According to the Appellate Body, interpretations under Article IX:2 “clarify WTO law for all Members,” whereas interpretations developed by panels and the Appellate Body in WTO disputes—including interpretations based on “subsequent agreements” under the VCLT—“are binding only on the parties to a particular dispute.” On its face, this distinction seems unobjectionable. However, in practice it may be illusory. The Appellate Body has traditionally followed its own prior rulings and increasingly expects panels to follow those rulings as well. Thus, by identifying paragraph 5.2 of the Doha Ministerial Decision as a “subsequent agreement” for the purpose of interpreting Article 2.12 of the TBT Agreement in US—Clove Cigarettes, the Appellate Body has effectively signaled to all WTO Members that this interpretation will apply in future disputes. To avoid doubt, WTO Members should therefore ordinarily allow an interval of at least six months between publication and entry into force of their technical regulations.
The Clove Cigarettes case is likely to be taken to represent the WTO’s ability to accommodate health regulation. In this regard, the ruling that the U.S. measure is consistent with TBT Article 2.2 because it is not more trade-restrictive than necessary to fulfill its legitimate objectives indicates significant deference to domestic health priorities. Moreover, in finding a violation of TBT Article 2.1, the Appellate Body stated explicitly:
We do not consider that the TBT Agreement . . . is to be interpreted as preventing Members from devising and implementing public health policies . . . through the regulation of the content of tobacco products, including the prohibition or restriction on the use of ingredients that increase the attractiveness and palatability of cigarettes for young and potential smokers . . . [W]e are not saying that a Member cannot adopt measures to pursue legitimate health objectives such as curbing and preventing youth smoking.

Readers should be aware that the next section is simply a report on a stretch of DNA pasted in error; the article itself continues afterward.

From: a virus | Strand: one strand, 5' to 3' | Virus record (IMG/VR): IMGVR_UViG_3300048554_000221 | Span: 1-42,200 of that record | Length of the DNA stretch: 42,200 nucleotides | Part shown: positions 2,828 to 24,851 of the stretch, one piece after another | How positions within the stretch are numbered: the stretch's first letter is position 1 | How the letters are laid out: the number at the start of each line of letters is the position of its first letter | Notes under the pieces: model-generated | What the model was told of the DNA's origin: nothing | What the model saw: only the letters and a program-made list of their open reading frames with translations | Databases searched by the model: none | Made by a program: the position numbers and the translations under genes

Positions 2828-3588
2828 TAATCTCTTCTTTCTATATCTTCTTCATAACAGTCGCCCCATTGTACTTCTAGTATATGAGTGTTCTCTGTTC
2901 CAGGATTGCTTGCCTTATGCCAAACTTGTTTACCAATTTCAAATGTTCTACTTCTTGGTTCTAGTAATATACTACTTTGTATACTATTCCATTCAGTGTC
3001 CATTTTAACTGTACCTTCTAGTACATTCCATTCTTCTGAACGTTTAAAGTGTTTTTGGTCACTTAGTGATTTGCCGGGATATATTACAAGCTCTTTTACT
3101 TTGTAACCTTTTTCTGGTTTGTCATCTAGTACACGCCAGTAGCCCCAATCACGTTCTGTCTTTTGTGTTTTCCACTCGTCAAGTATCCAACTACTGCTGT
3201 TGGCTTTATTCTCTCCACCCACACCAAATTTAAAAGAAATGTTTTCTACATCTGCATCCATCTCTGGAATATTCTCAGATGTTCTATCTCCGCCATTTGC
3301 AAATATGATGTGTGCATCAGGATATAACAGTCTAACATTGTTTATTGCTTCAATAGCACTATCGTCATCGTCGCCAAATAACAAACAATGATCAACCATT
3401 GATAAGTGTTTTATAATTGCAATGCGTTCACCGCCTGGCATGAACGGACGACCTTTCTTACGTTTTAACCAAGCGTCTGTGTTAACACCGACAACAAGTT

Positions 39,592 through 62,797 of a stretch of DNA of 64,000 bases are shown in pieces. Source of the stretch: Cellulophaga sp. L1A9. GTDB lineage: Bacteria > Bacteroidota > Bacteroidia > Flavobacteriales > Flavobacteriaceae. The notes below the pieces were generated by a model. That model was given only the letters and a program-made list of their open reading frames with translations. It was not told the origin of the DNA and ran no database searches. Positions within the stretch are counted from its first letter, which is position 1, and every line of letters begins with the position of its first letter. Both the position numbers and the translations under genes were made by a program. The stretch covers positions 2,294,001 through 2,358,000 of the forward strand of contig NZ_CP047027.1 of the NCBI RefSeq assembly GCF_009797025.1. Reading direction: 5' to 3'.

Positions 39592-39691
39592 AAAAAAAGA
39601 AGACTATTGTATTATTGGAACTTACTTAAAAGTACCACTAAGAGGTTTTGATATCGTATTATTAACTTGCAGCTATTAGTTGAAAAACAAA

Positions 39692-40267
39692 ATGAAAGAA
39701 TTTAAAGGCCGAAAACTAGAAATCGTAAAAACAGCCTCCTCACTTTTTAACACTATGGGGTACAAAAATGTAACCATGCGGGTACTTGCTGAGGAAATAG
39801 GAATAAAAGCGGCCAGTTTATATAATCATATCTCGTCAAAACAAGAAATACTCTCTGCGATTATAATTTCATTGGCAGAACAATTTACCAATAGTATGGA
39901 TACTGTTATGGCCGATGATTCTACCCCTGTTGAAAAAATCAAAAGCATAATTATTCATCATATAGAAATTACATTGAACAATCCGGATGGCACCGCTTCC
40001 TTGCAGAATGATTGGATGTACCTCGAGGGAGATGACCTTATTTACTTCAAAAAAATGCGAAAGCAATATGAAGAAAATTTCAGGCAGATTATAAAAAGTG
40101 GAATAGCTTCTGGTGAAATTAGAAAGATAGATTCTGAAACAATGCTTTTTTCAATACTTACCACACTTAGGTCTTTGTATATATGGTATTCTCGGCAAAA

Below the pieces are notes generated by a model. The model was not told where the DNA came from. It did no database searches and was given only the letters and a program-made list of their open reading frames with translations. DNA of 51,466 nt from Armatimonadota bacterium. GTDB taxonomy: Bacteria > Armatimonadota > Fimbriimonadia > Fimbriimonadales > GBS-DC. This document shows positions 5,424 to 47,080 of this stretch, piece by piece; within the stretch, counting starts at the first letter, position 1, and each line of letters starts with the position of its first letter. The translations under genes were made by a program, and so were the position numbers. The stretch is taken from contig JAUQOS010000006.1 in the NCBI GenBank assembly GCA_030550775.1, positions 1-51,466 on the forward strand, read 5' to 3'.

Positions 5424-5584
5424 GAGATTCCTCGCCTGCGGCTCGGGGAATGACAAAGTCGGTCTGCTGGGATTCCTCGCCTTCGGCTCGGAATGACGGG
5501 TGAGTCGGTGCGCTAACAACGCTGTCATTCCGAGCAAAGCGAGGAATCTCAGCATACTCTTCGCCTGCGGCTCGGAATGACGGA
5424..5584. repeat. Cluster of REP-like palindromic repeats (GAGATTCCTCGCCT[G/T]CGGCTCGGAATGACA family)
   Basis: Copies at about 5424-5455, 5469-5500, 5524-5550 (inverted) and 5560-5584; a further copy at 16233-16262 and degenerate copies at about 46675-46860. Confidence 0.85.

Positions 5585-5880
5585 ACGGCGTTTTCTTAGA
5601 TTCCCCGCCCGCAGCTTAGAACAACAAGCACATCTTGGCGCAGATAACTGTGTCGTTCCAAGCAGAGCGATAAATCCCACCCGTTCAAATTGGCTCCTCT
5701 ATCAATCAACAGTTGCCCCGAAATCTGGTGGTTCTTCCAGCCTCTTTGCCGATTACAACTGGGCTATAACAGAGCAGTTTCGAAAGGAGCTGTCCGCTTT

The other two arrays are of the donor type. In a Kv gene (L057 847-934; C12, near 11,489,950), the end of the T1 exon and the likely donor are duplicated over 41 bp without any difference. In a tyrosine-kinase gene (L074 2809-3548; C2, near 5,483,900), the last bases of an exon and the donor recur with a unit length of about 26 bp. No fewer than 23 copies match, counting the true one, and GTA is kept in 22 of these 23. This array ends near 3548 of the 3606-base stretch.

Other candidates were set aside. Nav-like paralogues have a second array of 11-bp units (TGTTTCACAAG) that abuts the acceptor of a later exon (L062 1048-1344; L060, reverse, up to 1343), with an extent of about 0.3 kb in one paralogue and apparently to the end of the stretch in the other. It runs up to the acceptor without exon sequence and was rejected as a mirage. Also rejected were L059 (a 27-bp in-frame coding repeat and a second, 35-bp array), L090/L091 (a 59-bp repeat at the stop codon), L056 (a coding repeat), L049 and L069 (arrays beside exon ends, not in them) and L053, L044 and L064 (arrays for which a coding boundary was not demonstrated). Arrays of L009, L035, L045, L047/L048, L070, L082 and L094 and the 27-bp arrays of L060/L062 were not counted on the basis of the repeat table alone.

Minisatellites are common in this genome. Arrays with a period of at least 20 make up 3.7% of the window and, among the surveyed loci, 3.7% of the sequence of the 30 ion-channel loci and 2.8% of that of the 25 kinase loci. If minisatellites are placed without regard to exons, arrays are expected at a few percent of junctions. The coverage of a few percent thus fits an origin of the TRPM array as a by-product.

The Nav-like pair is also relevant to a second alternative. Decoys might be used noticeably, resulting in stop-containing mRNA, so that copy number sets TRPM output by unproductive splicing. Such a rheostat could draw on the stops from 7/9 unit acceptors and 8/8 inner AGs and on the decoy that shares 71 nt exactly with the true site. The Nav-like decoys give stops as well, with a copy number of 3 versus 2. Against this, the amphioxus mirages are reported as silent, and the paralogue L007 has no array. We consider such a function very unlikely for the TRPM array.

Nevertheless, the ruling against the discriminatory elements of the U.S. measure may in practice be judged depending on how the United States implements the decision and the subsequent impact on public health. The United States could ban menthol cigarettes, but only after a lengthy regulatory process involving risk assessments and cost-benefit analyses; such a ban would eliminate trade discrimination without assisting Indonesian exports of clove cigarettes. The United States could repeal the current ban on cigarettes with flavoring other than menthol or tobacco, but this would require legislative action. The parties to the dispute will soon turn to discussions on the timetable for U.S. compliance and on U.S. compliance measures.The recent consultations commenced by Ukraine and Honduras with Australia regarding Australia’s measure for the mandatory “plain packaging” of tobacco products may eventually provide another opportunity to demonstrate the WTO’s receptiveness to health objectives. Significantly, that measure contains no obvious discrimination of the kind addressed in US—Clove Cigarettes.
About the Author:
Tania Voon, an ASIL member, is Associate Professor at Melbourne Law School, Editorial Board Member of the Journal of International Economic Law, and a former Legal Officer of the Appellate Body Secretariat of the WTO.